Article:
By Kerry Jane Elford
M.Phil Thesis, University of Birmingham, 2009
Abstract: Although the priests and other clergy of the Anglo-Saxon Church have received far less attention from modern scholars than the institutions which they staffed, attention is now turning again to these personnel, and especially to the ordained clergy below the rank of bishop.
As yet, however, no new systematic survey has been carried out of the uses made in our primary sources for the Anglo-Saxon Church of the Latin and the Old English terms for these religious. Only by a fresh examination of each term, informed by our recently much improved understanding of how the Anglo-Saxon Church’s organisation for the delivery of pastoral care evolved from multi-priest minsters towards single-priest churches, and of how the roles of its personnel changed accordingly, may we test long-established ideas about how and why particular words were used and therefore how they should be translated into modern English.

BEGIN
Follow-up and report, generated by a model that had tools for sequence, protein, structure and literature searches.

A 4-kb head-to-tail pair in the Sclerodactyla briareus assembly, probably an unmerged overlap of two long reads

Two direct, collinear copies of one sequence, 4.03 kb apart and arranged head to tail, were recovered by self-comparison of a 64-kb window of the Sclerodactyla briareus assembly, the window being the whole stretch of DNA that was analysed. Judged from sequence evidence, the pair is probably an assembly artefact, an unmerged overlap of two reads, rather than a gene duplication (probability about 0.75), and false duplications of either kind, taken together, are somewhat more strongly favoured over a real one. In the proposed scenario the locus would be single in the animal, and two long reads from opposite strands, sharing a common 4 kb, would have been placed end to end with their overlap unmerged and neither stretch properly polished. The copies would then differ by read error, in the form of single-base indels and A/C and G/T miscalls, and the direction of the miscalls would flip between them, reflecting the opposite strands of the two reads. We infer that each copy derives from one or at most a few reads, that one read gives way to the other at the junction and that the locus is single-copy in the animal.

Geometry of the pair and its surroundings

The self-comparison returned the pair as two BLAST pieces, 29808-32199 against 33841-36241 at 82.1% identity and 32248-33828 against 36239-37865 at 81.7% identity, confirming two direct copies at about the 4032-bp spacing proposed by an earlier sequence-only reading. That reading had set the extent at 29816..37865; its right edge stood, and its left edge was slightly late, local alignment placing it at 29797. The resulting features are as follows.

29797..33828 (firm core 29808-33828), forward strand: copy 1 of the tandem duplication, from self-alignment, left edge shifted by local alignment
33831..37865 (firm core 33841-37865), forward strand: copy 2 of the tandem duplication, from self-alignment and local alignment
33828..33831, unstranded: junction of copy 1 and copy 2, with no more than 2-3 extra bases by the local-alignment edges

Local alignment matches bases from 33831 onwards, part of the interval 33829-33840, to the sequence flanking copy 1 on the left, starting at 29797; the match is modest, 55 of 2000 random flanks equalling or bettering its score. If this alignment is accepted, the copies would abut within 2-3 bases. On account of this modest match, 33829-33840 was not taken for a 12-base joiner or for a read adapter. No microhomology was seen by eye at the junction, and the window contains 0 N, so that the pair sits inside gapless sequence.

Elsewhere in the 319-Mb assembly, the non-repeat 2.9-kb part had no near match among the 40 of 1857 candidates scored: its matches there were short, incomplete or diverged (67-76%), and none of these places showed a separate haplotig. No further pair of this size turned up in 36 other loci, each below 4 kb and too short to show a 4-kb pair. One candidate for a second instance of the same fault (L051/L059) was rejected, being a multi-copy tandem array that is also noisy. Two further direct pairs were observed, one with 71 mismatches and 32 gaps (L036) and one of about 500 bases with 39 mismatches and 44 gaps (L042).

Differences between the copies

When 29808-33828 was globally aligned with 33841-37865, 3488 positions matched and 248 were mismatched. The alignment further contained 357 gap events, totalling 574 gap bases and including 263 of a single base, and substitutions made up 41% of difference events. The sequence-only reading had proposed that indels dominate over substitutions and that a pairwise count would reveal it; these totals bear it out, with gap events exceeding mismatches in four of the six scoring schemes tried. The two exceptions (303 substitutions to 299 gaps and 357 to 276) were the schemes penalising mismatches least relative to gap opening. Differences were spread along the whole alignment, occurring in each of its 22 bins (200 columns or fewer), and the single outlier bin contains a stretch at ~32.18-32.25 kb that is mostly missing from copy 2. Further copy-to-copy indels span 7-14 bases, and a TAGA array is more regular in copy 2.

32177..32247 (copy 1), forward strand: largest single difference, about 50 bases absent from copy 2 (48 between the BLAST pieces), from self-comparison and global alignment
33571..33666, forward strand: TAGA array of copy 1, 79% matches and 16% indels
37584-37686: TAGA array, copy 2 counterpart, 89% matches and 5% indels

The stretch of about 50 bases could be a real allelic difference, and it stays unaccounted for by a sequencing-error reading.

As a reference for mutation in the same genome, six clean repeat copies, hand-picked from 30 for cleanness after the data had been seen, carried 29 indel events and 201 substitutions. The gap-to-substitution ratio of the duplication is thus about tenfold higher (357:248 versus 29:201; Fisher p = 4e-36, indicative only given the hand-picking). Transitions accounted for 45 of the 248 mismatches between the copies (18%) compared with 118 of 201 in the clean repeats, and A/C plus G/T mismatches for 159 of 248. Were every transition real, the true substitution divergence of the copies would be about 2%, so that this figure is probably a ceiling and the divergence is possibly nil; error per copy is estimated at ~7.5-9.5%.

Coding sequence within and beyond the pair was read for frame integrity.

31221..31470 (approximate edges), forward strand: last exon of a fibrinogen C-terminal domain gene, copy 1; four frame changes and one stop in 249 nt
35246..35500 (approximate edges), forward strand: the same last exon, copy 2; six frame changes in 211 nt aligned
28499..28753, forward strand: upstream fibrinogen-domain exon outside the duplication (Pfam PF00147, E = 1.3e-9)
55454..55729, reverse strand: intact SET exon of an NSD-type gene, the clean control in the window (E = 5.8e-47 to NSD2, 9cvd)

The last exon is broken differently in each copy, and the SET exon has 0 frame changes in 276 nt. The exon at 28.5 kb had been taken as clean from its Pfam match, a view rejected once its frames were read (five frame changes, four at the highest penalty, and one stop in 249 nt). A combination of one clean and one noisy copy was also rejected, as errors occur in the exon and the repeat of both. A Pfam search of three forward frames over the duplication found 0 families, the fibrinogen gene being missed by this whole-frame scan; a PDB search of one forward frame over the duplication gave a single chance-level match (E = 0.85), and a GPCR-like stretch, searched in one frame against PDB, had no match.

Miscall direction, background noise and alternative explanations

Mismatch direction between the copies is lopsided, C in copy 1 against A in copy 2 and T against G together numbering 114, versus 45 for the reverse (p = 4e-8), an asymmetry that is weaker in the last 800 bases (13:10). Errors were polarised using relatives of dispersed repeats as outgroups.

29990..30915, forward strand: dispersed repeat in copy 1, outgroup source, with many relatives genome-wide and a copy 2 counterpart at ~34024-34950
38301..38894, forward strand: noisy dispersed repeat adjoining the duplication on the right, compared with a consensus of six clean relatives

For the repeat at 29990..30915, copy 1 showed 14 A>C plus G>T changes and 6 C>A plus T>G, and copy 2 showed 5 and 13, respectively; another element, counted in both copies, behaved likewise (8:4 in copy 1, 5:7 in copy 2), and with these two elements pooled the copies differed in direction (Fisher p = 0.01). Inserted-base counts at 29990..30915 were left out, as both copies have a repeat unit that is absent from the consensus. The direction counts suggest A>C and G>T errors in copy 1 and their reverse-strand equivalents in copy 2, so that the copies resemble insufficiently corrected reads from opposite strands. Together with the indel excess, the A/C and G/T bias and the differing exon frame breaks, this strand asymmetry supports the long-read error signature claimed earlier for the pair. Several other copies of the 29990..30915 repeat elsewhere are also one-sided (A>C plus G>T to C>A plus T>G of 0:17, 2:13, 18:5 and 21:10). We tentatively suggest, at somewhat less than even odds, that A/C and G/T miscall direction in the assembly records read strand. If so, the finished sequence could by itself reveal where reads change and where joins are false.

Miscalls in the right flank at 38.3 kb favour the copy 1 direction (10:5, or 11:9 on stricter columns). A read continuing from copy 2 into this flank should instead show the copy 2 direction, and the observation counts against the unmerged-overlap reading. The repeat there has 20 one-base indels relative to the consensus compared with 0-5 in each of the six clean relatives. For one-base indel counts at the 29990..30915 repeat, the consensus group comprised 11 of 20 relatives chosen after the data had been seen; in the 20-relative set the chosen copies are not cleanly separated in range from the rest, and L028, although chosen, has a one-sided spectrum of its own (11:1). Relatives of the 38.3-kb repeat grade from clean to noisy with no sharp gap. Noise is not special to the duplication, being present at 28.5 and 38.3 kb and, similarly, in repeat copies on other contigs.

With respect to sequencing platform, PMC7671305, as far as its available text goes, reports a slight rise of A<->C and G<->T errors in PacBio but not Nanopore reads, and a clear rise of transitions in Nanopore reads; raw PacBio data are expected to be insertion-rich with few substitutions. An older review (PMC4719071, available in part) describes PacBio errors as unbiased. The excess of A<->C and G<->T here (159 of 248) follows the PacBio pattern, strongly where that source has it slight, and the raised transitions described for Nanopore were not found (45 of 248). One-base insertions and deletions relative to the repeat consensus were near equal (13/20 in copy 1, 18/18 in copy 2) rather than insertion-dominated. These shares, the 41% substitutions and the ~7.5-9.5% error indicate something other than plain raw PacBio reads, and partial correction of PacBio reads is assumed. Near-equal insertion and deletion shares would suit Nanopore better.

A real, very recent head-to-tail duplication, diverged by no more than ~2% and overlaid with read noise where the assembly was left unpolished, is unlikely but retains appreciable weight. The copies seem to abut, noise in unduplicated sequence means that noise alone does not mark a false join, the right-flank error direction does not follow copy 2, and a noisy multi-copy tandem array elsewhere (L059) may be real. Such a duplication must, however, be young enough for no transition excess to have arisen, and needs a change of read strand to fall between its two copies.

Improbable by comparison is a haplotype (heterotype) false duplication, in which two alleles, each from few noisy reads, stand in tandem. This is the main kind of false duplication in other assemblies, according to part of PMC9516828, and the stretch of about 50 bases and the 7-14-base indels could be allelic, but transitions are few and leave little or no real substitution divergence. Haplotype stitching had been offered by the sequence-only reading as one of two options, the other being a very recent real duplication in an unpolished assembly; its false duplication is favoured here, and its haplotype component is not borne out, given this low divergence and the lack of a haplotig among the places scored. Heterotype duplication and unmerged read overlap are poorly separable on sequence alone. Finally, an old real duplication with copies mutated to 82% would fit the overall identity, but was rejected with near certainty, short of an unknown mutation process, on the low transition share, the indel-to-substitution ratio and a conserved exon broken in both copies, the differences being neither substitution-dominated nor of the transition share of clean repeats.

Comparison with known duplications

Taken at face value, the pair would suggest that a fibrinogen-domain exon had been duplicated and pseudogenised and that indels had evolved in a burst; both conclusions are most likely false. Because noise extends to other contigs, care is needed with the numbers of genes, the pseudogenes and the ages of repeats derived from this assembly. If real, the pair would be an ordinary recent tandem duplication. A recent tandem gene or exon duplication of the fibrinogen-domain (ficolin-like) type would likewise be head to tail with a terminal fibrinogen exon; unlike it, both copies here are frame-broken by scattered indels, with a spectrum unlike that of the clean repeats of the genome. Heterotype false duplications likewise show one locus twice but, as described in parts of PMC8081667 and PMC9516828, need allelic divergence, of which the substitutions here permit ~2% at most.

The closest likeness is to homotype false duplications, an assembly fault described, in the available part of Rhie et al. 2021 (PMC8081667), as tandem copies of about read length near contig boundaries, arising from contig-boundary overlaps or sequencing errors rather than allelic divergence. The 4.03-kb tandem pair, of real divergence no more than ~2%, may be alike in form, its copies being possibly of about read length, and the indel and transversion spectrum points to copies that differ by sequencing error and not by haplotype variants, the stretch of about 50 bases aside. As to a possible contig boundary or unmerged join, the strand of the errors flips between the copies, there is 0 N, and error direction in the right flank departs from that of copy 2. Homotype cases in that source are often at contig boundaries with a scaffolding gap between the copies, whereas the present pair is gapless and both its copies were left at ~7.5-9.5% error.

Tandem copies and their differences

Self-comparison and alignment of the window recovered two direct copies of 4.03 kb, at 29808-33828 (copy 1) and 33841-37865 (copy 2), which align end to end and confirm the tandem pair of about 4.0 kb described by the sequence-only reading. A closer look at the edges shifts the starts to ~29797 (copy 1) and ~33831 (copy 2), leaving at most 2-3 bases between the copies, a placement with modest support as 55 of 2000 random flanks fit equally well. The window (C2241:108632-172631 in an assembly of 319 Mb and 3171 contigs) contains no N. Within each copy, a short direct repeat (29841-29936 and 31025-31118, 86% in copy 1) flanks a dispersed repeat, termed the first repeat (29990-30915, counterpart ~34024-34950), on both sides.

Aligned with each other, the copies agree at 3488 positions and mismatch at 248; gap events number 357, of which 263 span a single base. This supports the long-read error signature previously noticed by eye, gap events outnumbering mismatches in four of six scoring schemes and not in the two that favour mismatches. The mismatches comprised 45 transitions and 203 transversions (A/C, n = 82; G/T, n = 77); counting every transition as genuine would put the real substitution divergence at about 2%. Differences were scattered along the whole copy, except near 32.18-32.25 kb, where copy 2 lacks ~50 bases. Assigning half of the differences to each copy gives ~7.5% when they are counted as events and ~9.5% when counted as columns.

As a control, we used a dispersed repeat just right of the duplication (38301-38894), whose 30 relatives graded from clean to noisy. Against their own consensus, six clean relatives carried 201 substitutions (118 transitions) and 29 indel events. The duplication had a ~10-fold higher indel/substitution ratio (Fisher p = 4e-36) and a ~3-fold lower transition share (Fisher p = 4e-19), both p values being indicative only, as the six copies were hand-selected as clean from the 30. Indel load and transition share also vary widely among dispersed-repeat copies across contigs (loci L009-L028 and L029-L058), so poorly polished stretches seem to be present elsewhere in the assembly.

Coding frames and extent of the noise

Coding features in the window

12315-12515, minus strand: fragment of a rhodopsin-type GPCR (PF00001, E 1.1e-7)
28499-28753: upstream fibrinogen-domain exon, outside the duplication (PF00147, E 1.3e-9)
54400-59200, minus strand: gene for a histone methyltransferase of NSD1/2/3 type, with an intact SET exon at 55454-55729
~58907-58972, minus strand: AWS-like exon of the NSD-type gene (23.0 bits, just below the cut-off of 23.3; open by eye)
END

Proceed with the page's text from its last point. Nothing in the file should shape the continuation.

Whilst word constraints have limited the number of sources studied here, some tentative but potentially important conclusions have been reached on these various terms’ usages by early medieval writers. Regrettably, however, no significant new light has been thrown on the hard question of how the Old English word preost is best understood and translated.